That is a great writing tip! Thanks for sharing! I always struggle with my endings, as I’m so obsessed with where my characters begin and where they’re going that I forget to have a place for them to end up. lol I’m learning! Thanks again!

      Liked by 1 person

    1. Thank you!!! I definitely will; I’m forcing myself to plan, plan, plan and not even think about beginning to write until I know I’m ready, haha. Thanks, I’m glad you think so πŸ™‚

      Liked by 1 person

      1. And this is what great writers are made of. Planning is the most important aspect. I do admit that I am guilty of not planning enough. I sometimes jump into the writing and plan as I go along. Habit πŸ™‚

        Liked by 1 person

      2. I agree. Goodness, for 90% of all the stories I’ve started/written, I didn’t do any planning prior to writing them, which means that they never got finished, or I wrapped everything up too quickly by the end. I’m having to learn to think through things a bit before starting! πŸ™‚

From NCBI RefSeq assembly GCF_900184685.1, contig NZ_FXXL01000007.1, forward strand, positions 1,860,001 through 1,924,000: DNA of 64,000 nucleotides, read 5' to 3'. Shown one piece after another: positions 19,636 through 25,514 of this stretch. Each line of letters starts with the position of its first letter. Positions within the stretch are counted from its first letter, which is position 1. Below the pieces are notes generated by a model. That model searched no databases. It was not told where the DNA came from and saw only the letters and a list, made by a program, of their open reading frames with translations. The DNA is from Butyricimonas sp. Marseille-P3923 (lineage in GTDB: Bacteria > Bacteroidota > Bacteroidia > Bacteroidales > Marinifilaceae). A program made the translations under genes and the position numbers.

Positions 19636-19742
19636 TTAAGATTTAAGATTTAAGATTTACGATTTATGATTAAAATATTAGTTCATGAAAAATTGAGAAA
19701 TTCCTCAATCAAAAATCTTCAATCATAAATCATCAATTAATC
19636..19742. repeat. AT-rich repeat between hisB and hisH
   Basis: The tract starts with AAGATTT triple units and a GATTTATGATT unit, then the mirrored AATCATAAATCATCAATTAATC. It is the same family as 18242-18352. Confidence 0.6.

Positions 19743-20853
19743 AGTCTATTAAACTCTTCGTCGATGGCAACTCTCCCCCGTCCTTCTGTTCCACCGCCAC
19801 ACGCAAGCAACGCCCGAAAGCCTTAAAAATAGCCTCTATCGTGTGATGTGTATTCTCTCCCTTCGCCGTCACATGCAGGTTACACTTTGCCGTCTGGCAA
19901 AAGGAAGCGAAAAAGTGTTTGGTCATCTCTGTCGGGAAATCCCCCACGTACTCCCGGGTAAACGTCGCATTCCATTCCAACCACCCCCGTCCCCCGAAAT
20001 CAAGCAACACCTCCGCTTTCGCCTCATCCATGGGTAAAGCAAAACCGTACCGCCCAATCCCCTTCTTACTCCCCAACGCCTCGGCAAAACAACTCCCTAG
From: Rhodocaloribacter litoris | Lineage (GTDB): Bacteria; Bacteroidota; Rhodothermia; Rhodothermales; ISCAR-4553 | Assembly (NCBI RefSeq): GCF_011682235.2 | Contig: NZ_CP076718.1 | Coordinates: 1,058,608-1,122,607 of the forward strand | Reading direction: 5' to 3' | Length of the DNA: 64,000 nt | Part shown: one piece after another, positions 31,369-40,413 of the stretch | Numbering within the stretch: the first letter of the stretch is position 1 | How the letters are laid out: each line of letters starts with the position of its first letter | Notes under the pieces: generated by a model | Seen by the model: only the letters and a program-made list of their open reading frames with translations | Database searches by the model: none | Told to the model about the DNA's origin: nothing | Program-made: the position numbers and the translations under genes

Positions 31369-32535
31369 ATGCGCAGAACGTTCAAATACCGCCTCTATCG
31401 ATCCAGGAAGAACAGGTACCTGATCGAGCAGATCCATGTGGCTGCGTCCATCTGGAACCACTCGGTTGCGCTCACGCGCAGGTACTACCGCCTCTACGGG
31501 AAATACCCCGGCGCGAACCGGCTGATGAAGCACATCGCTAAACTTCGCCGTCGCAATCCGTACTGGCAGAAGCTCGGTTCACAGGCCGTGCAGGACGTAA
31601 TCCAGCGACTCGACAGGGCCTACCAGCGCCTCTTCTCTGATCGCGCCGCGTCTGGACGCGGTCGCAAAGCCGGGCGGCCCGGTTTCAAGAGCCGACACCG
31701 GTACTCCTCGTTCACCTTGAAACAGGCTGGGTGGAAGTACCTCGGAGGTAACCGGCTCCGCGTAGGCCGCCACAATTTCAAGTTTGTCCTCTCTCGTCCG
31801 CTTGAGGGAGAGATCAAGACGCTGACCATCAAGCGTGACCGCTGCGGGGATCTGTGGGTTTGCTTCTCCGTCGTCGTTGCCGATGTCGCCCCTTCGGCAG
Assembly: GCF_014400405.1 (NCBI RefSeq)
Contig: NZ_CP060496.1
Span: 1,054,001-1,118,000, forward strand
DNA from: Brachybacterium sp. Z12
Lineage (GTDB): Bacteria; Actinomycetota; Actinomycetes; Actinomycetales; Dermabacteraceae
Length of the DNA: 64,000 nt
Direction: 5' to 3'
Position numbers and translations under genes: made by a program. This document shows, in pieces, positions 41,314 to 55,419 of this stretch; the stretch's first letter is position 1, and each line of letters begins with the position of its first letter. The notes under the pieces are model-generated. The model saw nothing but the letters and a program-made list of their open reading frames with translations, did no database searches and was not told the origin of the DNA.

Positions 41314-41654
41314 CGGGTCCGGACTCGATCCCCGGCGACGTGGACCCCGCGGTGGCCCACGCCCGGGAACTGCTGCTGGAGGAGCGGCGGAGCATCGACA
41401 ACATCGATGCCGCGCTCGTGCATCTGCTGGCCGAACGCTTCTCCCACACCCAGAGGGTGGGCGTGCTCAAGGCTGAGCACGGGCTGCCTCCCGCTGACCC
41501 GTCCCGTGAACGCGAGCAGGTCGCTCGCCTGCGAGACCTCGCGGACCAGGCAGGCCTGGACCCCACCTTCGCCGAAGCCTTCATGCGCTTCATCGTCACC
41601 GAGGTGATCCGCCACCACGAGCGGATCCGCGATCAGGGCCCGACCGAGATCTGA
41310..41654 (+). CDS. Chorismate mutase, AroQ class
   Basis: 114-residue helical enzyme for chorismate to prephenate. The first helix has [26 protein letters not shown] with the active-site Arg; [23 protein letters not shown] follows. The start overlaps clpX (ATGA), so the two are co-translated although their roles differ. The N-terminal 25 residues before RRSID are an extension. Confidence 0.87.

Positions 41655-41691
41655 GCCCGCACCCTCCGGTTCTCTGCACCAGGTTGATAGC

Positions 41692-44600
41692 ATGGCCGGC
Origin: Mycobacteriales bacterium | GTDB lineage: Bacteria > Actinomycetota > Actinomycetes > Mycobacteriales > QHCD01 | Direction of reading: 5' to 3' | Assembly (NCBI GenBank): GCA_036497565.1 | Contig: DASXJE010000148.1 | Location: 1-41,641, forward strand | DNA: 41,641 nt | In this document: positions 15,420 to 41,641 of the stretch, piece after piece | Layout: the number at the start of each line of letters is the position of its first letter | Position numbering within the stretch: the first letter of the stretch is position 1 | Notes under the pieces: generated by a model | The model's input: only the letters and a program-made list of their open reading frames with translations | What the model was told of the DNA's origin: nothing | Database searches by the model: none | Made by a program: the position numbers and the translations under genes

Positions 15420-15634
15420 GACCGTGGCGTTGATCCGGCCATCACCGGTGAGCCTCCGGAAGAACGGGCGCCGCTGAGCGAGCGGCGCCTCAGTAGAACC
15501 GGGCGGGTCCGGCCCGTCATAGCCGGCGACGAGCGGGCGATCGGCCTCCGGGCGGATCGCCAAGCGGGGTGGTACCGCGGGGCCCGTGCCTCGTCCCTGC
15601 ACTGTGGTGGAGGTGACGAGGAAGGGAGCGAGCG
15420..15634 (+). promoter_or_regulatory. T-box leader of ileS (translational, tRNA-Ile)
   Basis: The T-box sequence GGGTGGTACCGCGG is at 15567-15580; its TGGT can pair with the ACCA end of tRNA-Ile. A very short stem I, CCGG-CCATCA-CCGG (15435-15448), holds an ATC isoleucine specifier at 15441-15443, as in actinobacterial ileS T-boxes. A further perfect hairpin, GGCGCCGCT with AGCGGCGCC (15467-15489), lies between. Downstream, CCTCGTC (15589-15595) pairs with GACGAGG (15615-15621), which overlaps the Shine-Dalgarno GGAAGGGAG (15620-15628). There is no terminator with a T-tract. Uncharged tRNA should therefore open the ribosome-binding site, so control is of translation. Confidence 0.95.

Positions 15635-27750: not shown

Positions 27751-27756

Liked by 1 person

    1. Thank you so much, Shannon! I love her name, too πŸ™‚ It’s one of my favorite things about the story. Yes, I’m enjoying getting to write about an often overlooked topic in the Middle Ages; most stories revolve around castles and the wealthy, not the small villages and the towns, and the poor. πŸ™‚ It will be interesting to change perspectives.


  5. I think you’re good on explaining the overall story. Make sure for your story the main issue is brought up early on, so readers know why your character is struggling. It may be a personal issue, or circumstance.

    Somethings to ask yourself:

    What is the overall goal of the story?
    How will the main character grow?
    Which characters are affected by certain story progress & why?
    What is the main lesson you want the reader to take away?

    Liked by 1 person

    1. Thanks so much. ❀ Those are great things to consider! Thank you for the encouragement. I'm definitely wanting to go into writing this story with all of the important facts figured out.

      Liked by 1 person